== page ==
The Associated Press (AP) Stylebook is widely accepted as a standard guide for writing and is frequently used as a reference on how to deal with numbers, names and titles, abbreviations, punctuation, time, capitalization, and many other important issues.
While it’s best to read the stylebook to learn all of the rules, there are some common ones you can learn without the book.
- Spell out numbers between one and nine, and use Arabic numbers for 10 and higher. If you are referring to an age or percentage, use an Arabic number even if it is less than 10. When you start a sentence with a number, it should be spelled out even if it is 10 or higher.
- When you refer to the United States as a noun, the two words should be spelled out. If you are using it as an adjective, it should be abbreviated as U.S.
- Dates should always be expressed in Arabic numbers and should not end with a suffix such as “rd” or “th.” Months should always be capitalized, and certain months (Jan., Feb., Aug., Sept., Oct., Nov. and Dec.) should be abbreviated when they are used with a specific date. Spell out when using alone, or with a year alone.
- Arabic numbers (1, 2, 3… ) should be used for time, with the exception of midnight and noon. Insert a colon to separate hours and minutes, and use
a.m. or p.m. to indicate whether the time is during the day or night.
- Academic degrees should not be abbreviated, and an apostrophe should be used to indicate a bachelor’s or master’s degree, but there is no possessive in Bachelor of Arts or Master of Science. Abbreviations are only acceptable when you are referring to a list of people with degrees.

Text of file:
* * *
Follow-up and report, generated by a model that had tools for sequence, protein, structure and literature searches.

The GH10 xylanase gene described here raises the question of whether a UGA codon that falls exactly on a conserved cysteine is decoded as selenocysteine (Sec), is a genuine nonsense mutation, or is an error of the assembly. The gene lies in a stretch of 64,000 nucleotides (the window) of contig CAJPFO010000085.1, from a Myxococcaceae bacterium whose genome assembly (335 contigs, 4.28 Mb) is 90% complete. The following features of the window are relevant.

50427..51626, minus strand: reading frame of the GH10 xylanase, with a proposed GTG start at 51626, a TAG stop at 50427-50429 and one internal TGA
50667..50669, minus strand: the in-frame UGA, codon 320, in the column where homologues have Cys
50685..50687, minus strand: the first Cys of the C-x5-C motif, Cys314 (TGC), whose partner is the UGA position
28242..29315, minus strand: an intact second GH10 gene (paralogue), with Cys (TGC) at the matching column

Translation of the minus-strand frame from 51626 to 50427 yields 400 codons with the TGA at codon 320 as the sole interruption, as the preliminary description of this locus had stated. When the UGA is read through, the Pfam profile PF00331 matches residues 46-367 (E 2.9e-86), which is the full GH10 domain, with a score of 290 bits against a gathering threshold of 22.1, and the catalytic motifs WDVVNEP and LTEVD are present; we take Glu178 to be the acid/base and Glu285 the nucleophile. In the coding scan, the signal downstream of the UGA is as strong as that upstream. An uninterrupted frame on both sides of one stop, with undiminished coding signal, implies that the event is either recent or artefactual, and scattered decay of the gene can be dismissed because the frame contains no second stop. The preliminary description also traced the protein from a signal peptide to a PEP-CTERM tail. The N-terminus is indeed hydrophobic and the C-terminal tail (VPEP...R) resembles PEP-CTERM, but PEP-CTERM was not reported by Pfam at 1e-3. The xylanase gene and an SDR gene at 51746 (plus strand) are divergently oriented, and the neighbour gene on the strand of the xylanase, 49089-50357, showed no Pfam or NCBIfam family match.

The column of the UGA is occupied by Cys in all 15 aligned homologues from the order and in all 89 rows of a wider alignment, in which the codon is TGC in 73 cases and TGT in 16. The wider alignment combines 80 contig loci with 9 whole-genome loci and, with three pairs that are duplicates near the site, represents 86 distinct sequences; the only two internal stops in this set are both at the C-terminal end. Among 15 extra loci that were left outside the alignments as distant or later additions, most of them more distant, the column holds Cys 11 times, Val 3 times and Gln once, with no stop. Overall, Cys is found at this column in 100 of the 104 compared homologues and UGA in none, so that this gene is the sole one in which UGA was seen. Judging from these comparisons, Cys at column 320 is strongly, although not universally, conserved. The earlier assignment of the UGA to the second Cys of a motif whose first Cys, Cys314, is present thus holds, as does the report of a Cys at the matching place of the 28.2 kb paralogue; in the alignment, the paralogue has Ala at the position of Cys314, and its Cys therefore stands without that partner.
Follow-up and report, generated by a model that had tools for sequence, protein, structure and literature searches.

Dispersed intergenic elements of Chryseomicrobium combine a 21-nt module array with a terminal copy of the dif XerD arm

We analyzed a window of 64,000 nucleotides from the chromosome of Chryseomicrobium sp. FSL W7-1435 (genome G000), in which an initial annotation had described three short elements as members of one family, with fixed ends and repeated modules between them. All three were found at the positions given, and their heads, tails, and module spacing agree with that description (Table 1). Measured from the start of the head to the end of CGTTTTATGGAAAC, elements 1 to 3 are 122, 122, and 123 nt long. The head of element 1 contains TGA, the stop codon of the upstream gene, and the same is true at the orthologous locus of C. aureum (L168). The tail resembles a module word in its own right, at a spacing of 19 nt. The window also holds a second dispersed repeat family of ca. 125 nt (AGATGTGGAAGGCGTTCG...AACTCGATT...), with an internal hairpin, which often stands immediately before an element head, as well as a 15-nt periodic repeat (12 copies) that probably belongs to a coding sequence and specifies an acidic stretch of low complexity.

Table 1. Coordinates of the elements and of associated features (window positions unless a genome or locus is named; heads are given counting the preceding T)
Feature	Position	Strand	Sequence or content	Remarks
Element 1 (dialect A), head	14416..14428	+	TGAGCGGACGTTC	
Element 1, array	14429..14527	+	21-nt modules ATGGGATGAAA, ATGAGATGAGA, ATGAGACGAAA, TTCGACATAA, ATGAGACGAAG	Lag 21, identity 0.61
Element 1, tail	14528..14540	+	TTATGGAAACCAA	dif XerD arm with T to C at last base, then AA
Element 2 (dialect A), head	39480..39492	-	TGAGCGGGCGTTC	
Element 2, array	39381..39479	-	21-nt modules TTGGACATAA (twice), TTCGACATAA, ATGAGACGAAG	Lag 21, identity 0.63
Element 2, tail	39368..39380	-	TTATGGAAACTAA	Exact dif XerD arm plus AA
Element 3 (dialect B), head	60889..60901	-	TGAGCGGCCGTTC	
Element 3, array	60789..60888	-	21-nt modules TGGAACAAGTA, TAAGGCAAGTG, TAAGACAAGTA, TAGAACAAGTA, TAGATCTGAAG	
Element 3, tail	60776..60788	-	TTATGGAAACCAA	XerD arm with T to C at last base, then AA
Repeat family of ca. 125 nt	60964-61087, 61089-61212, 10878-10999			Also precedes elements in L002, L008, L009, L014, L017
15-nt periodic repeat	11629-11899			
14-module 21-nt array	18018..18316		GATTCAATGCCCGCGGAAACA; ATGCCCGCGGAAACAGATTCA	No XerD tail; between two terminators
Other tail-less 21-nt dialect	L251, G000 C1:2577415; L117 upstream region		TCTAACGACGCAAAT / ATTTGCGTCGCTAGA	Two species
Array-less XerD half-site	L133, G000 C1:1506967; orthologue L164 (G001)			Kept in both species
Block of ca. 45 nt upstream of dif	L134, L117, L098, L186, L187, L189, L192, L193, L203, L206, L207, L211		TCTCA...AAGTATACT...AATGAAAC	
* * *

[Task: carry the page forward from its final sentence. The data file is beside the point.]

- Check for correct spelling and capitalization rules for some common technological terms: email, e-book, cellphone, smartphone, BlackBerry, download, Internet.
- Also, it is important to ensure there are no statements in the text that might be considered libelous, that the meaning is clear, and there is no personal opinion, bias, or prejudice in the story. You should look for the following:
- Check that you do not use adjectives to characterize persons and institutions as ‘good’ or ‘bad’ in hard news stories – this injects your biases or prejudices in your reporting.
Example: The eloquent mayor of Paris gave a speech Sunday. (biased)
The major of Paris gave a speech Sunday. (neutral)
- Don’t make inferences, or statements about the unknown. Your judgment may be relevant in analytical writing, but not news reporting.
Example: The building caught fire early in the morning. It is likely that homeless residents set the fire. (unfair inference)
The building caught fire early in the morning. The cause is unknown, but under investigation. (fair)
- Discriminate between the need for present and past verb tenses. Make your choice depending on emphasis and perspective: if what happened and its impact are more important, use present tense. If the emphasis is on time when or during what period an event occurred, use simple past.
Example: Last November’s election has changed the laws on marriage in California. (present)
The cease-fire was signed at 11:00 p.m. yesterday. (past)
- Decide when to use active or passive voice. Consider whether you are emphasizing a subject or an object in your story. Active is typically the
preferred voice in news writing because it reveals the subjects that perform the actions. Passive voice shifts emphasis from subjects to objects, and thus can conceal the actor. This is especially common with crime stories, political and war reporting.
Example: The prime minister signed the treaty. (active)
The cars were stolen sometime last night. (passive)